I was reading something earlier – you can see it here – about how parents with special needs children can hold back their kids’ education/development/what-have-you. One of the majors ways this happens is when the parents focus more on the disability than on the child.

Obviously, spending so much time in the hospital at the beginning of her life set Namine back quite a bit. But thanks to both occupational and physical therapy, Namine is pretty much an average toddler – with the exception of two things. Her legs, and her speech. (Thankfully, though, being decannulated combined with her use of sign language is speeding up her speech.)

Namine was born with caudal regression. This means that while she was still growing in the womb, something went wrong with the development of her lower spine, sacrum, and tailbone. In turn, this affected her legs and feet. It made her femurs one quarter of the size of a normal child’s; it gave her severely bowed legs, above and below the knees; it gave her club feet.

I have no clue what the development rate for a normal child is, especially in terms of rolling, crawling, and walking. Frankly, I don’t care. To me, my child is normal. She still can’t roll over by herself, thanks to her near-useless left leg and hip, but she can crawl, although she prefers scooting along on her butt. I help her when she needs it, or when she asks. I encourage her to keep going, even when she thinks she can’t, and I applaud and praise her when she succeeds. I hold her, talk to her sing to her. I tell her how much I love her, and how awesome, wonderful, and beautiful she is.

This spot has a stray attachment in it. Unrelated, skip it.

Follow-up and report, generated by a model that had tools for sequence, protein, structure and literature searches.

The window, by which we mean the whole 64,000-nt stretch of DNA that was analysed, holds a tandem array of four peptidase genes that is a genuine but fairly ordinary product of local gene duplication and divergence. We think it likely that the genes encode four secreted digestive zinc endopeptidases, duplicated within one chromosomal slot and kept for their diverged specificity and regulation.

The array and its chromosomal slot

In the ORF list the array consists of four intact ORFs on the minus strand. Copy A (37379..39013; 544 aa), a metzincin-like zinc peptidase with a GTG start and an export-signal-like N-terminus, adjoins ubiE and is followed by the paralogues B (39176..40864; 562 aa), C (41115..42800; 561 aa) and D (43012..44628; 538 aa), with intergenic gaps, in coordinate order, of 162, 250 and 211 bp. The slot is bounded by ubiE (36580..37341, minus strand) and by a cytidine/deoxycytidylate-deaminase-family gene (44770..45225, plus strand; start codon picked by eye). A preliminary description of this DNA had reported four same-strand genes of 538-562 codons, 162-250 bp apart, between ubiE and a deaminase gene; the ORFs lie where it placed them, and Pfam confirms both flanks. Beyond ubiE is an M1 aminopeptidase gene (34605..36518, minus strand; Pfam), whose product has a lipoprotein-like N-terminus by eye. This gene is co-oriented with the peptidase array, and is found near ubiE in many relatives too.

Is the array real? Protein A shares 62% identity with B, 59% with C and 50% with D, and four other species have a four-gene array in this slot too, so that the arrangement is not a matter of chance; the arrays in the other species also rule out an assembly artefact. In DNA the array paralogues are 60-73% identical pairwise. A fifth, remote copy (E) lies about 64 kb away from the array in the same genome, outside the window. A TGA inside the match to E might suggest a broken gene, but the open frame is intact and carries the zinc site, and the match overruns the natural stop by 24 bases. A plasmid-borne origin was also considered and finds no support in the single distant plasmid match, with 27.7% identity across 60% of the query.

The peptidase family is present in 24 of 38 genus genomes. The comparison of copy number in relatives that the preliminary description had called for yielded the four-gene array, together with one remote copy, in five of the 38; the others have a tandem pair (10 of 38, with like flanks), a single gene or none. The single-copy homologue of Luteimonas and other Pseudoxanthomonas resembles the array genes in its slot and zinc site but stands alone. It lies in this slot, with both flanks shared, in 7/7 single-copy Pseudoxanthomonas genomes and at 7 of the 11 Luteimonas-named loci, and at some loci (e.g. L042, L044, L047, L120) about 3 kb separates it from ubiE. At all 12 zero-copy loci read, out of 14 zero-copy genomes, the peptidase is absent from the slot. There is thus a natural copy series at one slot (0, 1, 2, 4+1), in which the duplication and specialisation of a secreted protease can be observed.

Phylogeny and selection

What I don’t do is focus on her disability as a disability, as a problem. I won’t ever compare her to normy kids. God knows, she’ll get enough of that crap when she gets older, and she will be forced to bring it home, carried on her small shoulders. But she will never get it at home, because my daughter was not born with an abnormality. My daughter was born perfect, just the way God designed her and made her. It’s true that she was born with a heavier load to bear than most children, but we are all born with different loads to bear, and this was hers. My job as her loving parent is to help her with it.

We have watched Namine progress and excel in so many ways since she was first born. With each surgery, we thought: How can she recover from this? This is surely worse than the last. But each time Namine has recovered and she has been stronger for it. We have watched her grow from a helpless (even in breathing on her own) baby to a trachless toddler. The fact that she doesn’t “toddle” doesn’t change the very real truth that she is a smart, capable, and independent two year old.

  • I love how your write about your daughter. Surely some of her independence is due to your view of her as perfect.

    She shows potential to continue to move more independently as her body allows. Consider reading one of my past posts – “The Big Decision” linked in the box ‘Wheelchairs’ in the middle column.

  • Michele Eiche

    I love you, Paul.